"Go right in," said an old woman sitting on a charpoy with a couple of younger men. Marks of age were etched on her old skin. I was surprised at her friendly nature.
She has seen the partition, transformation of Karachi from a small city to a metropolitan, unabated political violence and their status as Hindus progressively diminish in a Muslim country. Yet she was so trusting of us, welcoming us to go ahead and see the Hindu temple from the inside.
I was accompanied by two of my friends Humayun Memon and Sadia Khatri, both belonging to Karachi. Their cameras dangled around their necks but the people sitting outside did not seem to mind that. We walked right in.
The sea was in front of us. There were stairs leading right into it; on the base of it were a few worn out boats. A boy of about 15 was sleeping in one of those boats, oscillating in the sea, under the winter sun. Another group of boys was sailing further away. There was a small stretch of mangrove forest in front of us, while on the other side was the newly-opened Port Grand. The water of the sea was a dark black given all the waste that is deposited into it by the nearby industries.
Once the mangrove forest spread all around this region but slowly, as human civilisation expanded, it receded. Now it is only found in some remote places of Karachi. Mangroves are nature’s way of protecting the coastal life from a Tsunami. With no natural protection, I shudder to think what would happen if a storm strikes.
Behind us was a mural of Jhule Lal, an old man standing on top of a fish. Jhule Lal also known as Uderolal is one of the most important Hindu deities to Sindhi Hindus. He is believed to have lived in the 10th century and is said to have salvaged the local Hindu community from the hands of a Muslim tyrant ruler who wanted to persecute them. Jhule Lal is particularly important to fishermen who pray to him for a safe return before venturing out in the water.
Before Karachi became a British port and a metropolitan in Pakistan, it was a village called Kolachi and these fishermen were the original inhabitants of the place. Today, they have been sidelined to a small community within this ever-expanding city and have been categorised into a patronised group of minorities.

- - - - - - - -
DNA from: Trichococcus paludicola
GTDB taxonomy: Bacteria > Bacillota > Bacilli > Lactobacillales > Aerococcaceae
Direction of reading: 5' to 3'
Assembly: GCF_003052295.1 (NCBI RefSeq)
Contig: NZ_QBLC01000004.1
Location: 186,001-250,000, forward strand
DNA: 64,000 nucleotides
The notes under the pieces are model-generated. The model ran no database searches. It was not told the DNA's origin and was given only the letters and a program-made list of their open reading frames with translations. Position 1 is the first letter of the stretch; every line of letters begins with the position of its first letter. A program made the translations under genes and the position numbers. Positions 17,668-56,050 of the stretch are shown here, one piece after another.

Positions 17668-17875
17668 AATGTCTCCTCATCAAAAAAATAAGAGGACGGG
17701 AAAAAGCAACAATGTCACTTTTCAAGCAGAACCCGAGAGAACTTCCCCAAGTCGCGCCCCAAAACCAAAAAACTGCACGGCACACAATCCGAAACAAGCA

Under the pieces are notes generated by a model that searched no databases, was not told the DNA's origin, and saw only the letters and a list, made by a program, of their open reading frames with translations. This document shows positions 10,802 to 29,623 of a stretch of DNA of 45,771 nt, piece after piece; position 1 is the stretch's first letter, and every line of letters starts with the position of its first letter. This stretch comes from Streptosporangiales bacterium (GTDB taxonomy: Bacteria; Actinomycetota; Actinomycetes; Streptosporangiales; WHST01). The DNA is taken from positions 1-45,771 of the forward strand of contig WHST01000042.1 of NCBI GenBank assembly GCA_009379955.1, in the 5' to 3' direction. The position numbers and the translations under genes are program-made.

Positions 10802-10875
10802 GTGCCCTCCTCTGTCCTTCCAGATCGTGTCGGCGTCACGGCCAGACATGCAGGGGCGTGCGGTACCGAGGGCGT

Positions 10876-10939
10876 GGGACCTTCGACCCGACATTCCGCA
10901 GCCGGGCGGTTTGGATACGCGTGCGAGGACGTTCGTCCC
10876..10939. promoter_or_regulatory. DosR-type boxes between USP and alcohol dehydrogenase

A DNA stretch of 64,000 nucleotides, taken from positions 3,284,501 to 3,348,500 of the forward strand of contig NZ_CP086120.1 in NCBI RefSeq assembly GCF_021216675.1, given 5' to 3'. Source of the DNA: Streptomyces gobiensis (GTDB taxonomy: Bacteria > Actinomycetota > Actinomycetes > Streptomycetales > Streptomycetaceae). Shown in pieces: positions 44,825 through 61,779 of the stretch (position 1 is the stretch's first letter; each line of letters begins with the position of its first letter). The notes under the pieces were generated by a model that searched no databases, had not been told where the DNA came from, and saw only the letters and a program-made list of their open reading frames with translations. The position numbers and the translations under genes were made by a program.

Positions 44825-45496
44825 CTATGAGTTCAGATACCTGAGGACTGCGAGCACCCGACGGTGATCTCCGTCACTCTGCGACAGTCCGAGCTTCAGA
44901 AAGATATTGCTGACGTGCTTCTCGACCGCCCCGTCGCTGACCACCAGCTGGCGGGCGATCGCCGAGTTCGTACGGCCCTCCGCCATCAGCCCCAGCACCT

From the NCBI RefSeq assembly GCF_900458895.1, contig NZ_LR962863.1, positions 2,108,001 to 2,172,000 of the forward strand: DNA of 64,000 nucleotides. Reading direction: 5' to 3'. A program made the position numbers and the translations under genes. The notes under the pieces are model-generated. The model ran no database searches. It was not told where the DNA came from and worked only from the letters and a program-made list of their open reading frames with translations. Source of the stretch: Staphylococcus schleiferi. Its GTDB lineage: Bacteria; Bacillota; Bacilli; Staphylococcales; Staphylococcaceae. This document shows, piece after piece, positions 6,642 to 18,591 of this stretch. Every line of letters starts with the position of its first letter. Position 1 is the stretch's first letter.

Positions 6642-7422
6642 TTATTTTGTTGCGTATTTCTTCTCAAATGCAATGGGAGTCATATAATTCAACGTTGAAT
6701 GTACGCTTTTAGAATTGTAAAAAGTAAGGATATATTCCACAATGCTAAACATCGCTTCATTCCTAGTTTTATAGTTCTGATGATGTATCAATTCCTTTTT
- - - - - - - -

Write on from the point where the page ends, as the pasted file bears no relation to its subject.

This temple is located in the Mai Kolachi area. The name is a tribute to a Hindu woman who jumped into the sea to save her son from a fish. According to a legend, the name of this village became Kolachi, her namesake.
Today, in this war in Karachi, between Sindhis and Mohajirs, Mohajirs and Pathans, Sunni and Shia and secular and religious, the Hindu fishermen Sindhis, who gave Karachi its name and its identity, are not even part of the discussion. They sit here, in this temple, in the shadow of the newest edition to Karachi’s vibrant lifestyle on the sidelines.
The legend of Jhule Lal, celebrated across Pakistan and India, grew at a time when there was no concept of a universal Hindu religion. Different geographical areas and communities had their own distinct identities and concepts of what their religion meant. However, following the increase in connectivity between remote regions, firstly through railway and then through media, a more distinct universal Hinduism emerged that has sidelined parochial subtleties.
Jhule Lal has managed to avoid this onslaught and is one of the most identified name all over Pakistan. The qawwali Mast Qalandhar, which has been sung by singers as diverse as Noor Jehan, Nusrat Fateh Ali Khan and Junoon was actually composed by these Sindhi Hindus as a tribute to their folk deity. It was picked up by the Punjabi mystical poet, Bulleh Shah, who added his verses to it to include the Muslim saint, Shahbaz Qalandar.
What do these terms mean today when the country is going through a major identity crisis? Our identities have, in the recent years, become much more exclusivist as we have put up boundaries against intrusion from external sources. Karachi being the largest city of the country is not alien to this phenomenon and yet, in Karachi, the myth of Mai Kolachi is still alive.
Similarly, as sectarian violence takes its toll over the city and fanatic mobs burn down Hindu temples in other parts of Sindh, Hindu temples and Muslim shrines sing the legend of Jhule Lal and how he saved the local community from the wrath of a Muslim tyrant.